So going back to your other bibliographical picks, you recommend some recent papers by Cole and Ohanian  (Harold Cole and Lee Ohanian, The Great Depression in the United States from a Neoclassical Perspective and Harold Cole and Lee Ohanian, New Deal Policies and the Persistence of the Great Depression: A General Equilibrium Analysis)  What are they about?

They focused more on some of these anti-market FDR policies. I think they’re right that these are mistakes, as are some of the tax increases. There was a tax increase under Hoover and then some under Roosevelt, trying to balance the budget, which was clearly a mistake in the context of the very high unemployment rate and the poor economy. But as to how much that mattered is much less clear. Similarly the Smoot-Hawley Tariff in 1930, which every economist agrees is ridiculous – it’s not clear how much that actually mattered in terms of the macro results.

I thought that the Great Depression was the ultimate cautionary tale on the dangers of protectionism. That’s not the case?

No I think what is much clearer is the role of the financial system and the credit implosion, both in the 1930s and today. The rest of the stuff may just be a sideshow, it may not be that important. There’s a strong tendency for the economy to recover on its own, as long as it’s not subject to further new shocks, so a likely scenario is that that is what will happen today as well. And then the Obama administration will say that it’s because of our policy that things recovered, and there won’t be any way to prove whether that’s right or wrong.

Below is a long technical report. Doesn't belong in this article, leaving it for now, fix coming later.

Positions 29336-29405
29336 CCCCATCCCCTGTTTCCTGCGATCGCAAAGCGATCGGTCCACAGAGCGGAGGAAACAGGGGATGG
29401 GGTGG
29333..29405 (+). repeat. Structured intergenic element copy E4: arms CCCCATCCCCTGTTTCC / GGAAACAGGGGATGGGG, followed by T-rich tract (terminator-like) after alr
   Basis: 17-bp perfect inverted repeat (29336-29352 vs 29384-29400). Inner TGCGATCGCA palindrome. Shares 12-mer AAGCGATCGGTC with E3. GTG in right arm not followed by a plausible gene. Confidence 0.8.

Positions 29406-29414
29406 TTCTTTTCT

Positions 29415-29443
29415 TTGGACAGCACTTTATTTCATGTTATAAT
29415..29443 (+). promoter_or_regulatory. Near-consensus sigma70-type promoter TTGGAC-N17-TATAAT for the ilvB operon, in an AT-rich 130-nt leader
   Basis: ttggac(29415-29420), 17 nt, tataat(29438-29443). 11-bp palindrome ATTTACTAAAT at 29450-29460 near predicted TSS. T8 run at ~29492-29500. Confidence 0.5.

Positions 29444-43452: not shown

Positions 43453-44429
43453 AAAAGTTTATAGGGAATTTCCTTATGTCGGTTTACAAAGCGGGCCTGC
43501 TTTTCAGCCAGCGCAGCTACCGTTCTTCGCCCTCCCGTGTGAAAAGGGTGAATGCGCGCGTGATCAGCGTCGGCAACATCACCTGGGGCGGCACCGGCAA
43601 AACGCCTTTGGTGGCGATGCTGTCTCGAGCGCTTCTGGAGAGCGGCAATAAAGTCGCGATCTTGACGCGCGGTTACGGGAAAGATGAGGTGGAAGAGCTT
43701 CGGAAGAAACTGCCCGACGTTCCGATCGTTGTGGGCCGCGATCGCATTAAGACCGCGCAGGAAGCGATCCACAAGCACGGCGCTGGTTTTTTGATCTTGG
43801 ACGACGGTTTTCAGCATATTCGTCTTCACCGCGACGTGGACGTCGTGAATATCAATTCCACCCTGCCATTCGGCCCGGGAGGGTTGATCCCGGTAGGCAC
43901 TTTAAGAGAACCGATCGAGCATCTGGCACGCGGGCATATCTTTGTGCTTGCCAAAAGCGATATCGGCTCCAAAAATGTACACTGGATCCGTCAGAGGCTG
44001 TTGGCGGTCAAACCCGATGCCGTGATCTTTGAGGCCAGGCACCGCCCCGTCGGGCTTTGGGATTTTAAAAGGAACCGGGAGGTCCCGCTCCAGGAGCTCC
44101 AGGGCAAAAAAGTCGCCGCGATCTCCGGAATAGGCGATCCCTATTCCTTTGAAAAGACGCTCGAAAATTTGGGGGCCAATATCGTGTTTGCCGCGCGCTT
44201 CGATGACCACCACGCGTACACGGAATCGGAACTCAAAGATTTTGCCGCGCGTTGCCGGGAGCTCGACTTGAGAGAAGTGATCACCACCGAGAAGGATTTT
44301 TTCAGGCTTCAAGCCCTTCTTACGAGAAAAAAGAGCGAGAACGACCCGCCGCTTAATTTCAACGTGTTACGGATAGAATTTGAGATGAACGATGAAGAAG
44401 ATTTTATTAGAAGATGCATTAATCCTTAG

So are you not a fan of what Obama is doing?

I think the stimulus package was very stupid; it was awful. It’s just a tremendous waste of money and it’s going to cause some trouble in terms of a bigger public debt; it’s just wasting resources. But the more important thing is the financial system, and the housing related aspects. So on that, despite a lot of floundering around, mostly I think what they were doing is in the right direction. I think they made a big mistake by not bailing out Lehman Brothers – I think they recognized that two days later. That was Paulson’s individual fault and responsibility from what I can gather.